10 Tips for Effective Philanthropy

Betsy Brill154x154Betsy Brill, M.B.A., is President and Co-Founder of Strategic Philanthropy, Ltd., a global philanthropic advisory firm, and an Adler University trustee.

All of us on the Board of Trustees at Adler University are actively involved with leading and supporting the University and its mission for advancing social justice. That includes taking an active role in advocating for support to the institution’s academic and community engagement programs.

Whatever organization you support, being an effective donor is no easy task. But striving to be one is paramount if you truly want to make a difference in your local community or the world. My firm, Strategic Philanthropy, Ltd. has had the great opportunity over the last 16 years to guide donors on a path to effective philanthropy that is both meaningful to them and to the organizations they support. Below are some pointers on becoming the donor that is a real partner in making change.

  • Develop a mission statement, be clear about who you are as a donor; articulate what you are seeking to accomplish.
  • Engender humility—donors are seldom the experts in the area(s) they fund. It’s important to remember that there is an asymmetrical relationship between donors and the organizations they fund. Be a partner and trust your beneficiary’s experience and expertise!
  • Seek out thought leaders who know and understand the landscape within which you are funding – be it leaders from grassroots organizations fighting for immigrant rights or social justice academic settings, like Adler University, to understand the needs and where a private donor can make a difference.
  • Once you have explored and learned, be transparent with organizations, family, friends and peers about what your giving interests are, what you hope to accomplish in the world. You’d be surprised how your passion can become contagious and may spur others on to join you in giving to the organizations you feel need support.
  • Seek a proposal or a letter from the organization(s) that you may fund – be clear about what you need to assess their financial health and to make sure that an organizations’ 501(c)(3) status is in good standing. You also want to vet the organizational leadership, the quality and impact of their work as an organization and their reputation in the larger community of peers. Right size your application or proposal requirements, don’t request a 50-page proposal if you are planning to give an organization a small grant or contribution.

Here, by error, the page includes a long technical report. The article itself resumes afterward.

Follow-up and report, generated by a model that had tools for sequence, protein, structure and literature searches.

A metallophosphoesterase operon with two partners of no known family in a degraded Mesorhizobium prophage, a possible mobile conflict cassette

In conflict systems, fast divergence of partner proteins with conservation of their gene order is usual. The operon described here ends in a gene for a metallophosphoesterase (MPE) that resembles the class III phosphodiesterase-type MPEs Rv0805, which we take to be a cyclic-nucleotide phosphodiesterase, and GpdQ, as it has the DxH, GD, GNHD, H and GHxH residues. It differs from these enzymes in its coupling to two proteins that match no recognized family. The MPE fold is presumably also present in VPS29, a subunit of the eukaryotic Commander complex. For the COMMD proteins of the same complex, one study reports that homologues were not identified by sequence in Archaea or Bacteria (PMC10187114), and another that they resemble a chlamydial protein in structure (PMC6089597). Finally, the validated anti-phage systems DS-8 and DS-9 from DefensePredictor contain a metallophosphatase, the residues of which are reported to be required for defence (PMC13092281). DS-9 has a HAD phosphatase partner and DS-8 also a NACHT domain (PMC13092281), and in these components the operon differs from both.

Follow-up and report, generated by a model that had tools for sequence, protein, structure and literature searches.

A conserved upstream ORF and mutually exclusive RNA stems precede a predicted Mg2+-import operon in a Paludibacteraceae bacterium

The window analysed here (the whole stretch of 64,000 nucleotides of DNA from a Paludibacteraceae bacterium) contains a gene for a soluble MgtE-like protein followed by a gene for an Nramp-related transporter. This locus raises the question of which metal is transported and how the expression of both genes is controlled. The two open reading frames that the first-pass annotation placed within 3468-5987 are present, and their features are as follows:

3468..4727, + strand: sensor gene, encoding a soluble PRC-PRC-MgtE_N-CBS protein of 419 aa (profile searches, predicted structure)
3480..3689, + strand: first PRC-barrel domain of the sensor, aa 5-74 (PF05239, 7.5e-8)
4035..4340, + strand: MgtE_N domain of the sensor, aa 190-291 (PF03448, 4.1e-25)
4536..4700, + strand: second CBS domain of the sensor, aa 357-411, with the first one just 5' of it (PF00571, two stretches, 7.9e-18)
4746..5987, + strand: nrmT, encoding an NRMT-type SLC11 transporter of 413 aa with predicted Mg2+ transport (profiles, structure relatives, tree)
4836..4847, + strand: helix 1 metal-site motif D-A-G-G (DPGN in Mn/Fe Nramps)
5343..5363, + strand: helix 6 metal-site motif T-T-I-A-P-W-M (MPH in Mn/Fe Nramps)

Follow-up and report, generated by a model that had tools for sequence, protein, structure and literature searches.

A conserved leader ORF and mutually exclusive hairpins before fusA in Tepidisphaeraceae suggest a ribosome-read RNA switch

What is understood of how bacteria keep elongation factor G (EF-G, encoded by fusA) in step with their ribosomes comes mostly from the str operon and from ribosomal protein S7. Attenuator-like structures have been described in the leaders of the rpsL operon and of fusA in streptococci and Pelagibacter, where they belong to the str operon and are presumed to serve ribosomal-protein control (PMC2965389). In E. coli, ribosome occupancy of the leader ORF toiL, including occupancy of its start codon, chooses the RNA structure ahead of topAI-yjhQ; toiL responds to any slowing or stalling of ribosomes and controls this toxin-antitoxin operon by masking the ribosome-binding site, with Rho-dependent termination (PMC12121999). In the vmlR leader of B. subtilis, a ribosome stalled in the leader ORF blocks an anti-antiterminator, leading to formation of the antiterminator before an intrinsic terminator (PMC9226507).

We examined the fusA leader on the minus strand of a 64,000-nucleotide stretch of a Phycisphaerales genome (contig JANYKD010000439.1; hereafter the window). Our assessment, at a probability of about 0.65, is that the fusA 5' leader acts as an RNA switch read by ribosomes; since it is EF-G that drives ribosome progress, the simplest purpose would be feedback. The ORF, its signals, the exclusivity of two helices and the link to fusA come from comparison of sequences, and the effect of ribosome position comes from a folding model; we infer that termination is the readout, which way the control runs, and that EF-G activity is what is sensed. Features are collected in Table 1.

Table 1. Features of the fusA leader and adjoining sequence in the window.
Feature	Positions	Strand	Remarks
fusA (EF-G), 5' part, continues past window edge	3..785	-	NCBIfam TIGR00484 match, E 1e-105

• Meet with the leadership of the organization and the program staff, conduct a site visit to see the facility, note the environment and the “energy” in the organization. Factor what you learn and see into your decision-making about to whom and for what purpose you will be making a contribution.
  • When it comes time to make grant or contribution decisions, be responsive to what the organization states that they need – general operating support is the most needed in the non-profit community – don’t impose a type of contribution that is your desire and not theirs. Be creative together to find ways to provide support to the projects that capture your interest and to that which the organization most needs; e.g., consider making a portion of your contribution a match, helping the organization raise additional money from other donors.
  • One time contributions are not great practice, stay in there for the long haul – change does not happen overnight and nonprofits desperately need stability. There are many ways to provide this. Look into a split lifetime and legacy gift to get your giving started now but with a plan to include the organization in your estate plan. You can also fund endowments and scholarships or support collaboration and research and development – money that is very hard to come by and so very needed.
  • Make sure that your contribution provides mutual benefits- for you as the donor, for the organization and community it works with and on behalf of.
  • Be clear about how you would like to be communicated with, whether that’s an annual letter that provides an update on activities, a meeting with scholarship recipients, or a written report that outlines how the organization fared with its stated goals. Many donors are very dissatisfied with how the organizations they support communicate with them – be sure that you have a mutual understanding.

Remember to also be curious, be an ongoing learner, don’t go it alone and have fun. At this time of great need and pain in our communities you stand to make a significant difference—be sure to make the most of it!

Finally, if you’re not familiar with Adler, I highly encourage you to learn more about supporting its important work. Reach out and learn more here.